The proposal would impact those criminally charged under the drug trafficking statute, whether it be sale, delivery, importation, manufacturing or possession of large quantities of a controlled substance. That would include cocaine, marijuana and opioids such as fentanyl.

A Democrat-sponsored House effort that would seek to reduce sentences for certain drug offenses has not moved in the chamber though. This could show signs of trouble for the proposal with two weeks left in the 2018 legislative session.

The Senate and the House have pushed a series of criminal justice reforms this year, but those seeking to loosen mandatory minimum sentences requirements have not been too welcome in the House. Lobbyist Barney Bishop has also been critical of the measure, saying that it would not help drug addict, but instead aid those with “so much drugs” on them.

Brandes, however, has pushed back on that claim.

“Our point here is largely low level people who are addicts and get involved with heroin and they may purchase heroin that is mixed with fentanyl,” Brandes said.

Senate panel pushes criminal justice overhaul bill

A sweeping criminal justice bill that would upend how the state collects data on offenders in an attempt to better determine who is incarcerated and for how long is moving in the Senate.

The measure would require the Department of Corrections to use risk-assessment instruments that can identify the appropriate intervention and program for an offenders in an effort to reduce recidivism. Sen. Jeff Brandes said his bill (SB 1218) could be used as the foundation for “meaningful” criminal justice reform in the future.

Lobbyist Barney Bishop told the panel he is in favor of bolstering data collection on the criminal justice field, but said it will cost the state a “good chunk.” According to staff analysis, that “chunk” would amount to nearly $1.1 million — nearly $764,000 of which would go to technology-related costs for the assessment system.

Groups that included the Florida Association of Counties, the James Madison Institute, Americans for Prosperity and Right on Crime told the panel they were in support of the bill and Agnes Furey, a Tallahassee restorative justice advocate.

The Senate Appropriations Subcommittee on Criminal Justice Subcommittee cleared the measure unanimously before adjourning for the 2018 legislative session.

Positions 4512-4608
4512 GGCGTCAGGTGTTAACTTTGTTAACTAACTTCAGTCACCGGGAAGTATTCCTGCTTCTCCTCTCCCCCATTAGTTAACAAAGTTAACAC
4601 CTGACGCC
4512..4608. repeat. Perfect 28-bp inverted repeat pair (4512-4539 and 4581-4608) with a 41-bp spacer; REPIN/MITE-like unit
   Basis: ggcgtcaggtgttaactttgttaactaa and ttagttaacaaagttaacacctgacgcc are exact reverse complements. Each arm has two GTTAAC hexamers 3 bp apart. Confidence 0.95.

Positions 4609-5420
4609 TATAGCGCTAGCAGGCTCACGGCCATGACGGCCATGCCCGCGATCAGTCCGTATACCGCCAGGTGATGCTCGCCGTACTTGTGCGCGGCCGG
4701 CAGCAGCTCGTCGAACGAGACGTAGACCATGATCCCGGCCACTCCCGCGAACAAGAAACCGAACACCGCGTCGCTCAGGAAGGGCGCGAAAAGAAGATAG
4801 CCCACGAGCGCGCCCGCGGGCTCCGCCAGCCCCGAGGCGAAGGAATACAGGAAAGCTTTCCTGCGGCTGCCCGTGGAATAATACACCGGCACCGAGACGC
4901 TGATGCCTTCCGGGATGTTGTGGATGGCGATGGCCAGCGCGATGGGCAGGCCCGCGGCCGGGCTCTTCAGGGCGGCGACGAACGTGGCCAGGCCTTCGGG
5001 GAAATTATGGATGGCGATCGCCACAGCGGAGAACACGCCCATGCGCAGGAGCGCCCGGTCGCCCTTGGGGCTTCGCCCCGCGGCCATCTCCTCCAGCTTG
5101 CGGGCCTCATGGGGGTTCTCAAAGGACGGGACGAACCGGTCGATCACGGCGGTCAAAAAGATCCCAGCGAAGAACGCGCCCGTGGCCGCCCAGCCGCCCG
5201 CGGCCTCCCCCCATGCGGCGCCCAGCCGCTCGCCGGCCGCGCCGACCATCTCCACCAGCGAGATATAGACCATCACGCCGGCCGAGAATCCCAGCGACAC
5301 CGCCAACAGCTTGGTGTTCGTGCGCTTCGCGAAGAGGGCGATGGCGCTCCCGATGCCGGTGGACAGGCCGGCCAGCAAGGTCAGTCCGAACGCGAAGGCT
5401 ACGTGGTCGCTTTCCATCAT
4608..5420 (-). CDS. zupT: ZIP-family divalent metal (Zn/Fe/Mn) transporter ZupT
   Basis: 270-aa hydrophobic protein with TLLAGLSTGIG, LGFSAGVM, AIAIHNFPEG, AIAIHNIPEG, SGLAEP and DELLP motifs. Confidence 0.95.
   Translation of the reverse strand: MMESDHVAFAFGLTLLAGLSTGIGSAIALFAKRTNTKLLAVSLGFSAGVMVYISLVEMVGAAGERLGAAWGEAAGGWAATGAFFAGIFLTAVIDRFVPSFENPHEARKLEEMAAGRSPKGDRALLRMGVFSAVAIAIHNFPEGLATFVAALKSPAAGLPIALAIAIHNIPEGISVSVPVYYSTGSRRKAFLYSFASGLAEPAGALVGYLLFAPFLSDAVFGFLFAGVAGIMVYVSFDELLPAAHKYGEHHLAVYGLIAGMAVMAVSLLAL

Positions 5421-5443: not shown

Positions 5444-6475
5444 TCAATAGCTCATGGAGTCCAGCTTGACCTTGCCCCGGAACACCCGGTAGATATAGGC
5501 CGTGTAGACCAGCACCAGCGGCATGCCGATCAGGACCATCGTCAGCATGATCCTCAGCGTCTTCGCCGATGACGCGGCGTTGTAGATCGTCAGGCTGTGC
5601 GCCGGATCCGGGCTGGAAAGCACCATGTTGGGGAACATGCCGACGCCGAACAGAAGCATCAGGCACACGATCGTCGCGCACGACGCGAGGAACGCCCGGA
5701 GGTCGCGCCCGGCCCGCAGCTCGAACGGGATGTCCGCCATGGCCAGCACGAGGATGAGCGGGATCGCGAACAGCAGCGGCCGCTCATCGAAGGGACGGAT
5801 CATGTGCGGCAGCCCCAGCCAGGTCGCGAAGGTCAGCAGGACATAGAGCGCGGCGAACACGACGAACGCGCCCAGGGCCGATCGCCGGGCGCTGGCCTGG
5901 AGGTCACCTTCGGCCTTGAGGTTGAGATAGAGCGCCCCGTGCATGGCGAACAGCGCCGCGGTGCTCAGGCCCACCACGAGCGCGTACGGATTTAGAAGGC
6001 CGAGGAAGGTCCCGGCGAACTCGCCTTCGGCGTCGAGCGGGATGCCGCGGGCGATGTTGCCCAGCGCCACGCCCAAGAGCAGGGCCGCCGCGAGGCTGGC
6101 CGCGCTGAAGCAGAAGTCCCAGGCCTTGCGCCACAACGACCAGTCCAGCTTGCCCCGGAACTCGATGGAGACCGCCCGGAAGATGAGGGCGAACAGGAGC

“This remains a work in progress and we will continue to work on it,” Brandes said. “It’s amazing to see the shift we are seeing in the Senate and the Legislature as a whole.”

In Florida, there are about 96,000 inmates incarcerated in a system that costs taxpayers an estimated $2.4 billion every year. Brandes has taken the lead in championing reforms this year that have not gained much traction in the Legislature over the years — and some that the House may find a bit hard to swallow, like changing the state’s mandatory minimum sentences.

But both chambers are on the same page when it comes to data collection. The Florida House on Wednesday passed HB 7071, which leadership called a “game changing criminal justice data transparency” bill.

Republican state Rep. Chris Sprowls said the measure will make the state a “model for effective, data-driven criminal justice” and “create the gold standard for the rest of the country.”

The measure would require the DOC to report and publish, on a quarterly basis, inmate admission by offense type and recidivism rates with a unique identifier for each person who is subject of a criminal case. Information on those who make the arrests or prosecute the cases would not be tracked under the bill.

“As a former prosecutor, I know that our justice system must be better informed and that there are changes needed to create a more fair, accountable and transparent system,” Sprowls said.

With Parkland students present, Senate postpones gun bill vote

A Senate bill that would allow guns in churches with schools attached was temporarily postponed on Wednesday, but it could still come back later in the legislative session.

As Marjory Stoneman Douglas High School shooting survivors filled the seats in the Senate gallery, Senate President Joe Negron said the gun bill by Republican Sen. Dennis Baxley would be “temporarily postponed today.” The bill (SB 1048) was ready for a final vote in the chamber.

Whether the bill is considered in the last two weeks of session, Negron said, is up to the Baxley and Senate Rules Chair Lizbeth Benacquisto.

Baxley’s proposal would allow those with concealed carry permits to bring guns into churched if they have the permission from the property owner, unless there are school-sponsored activities going on.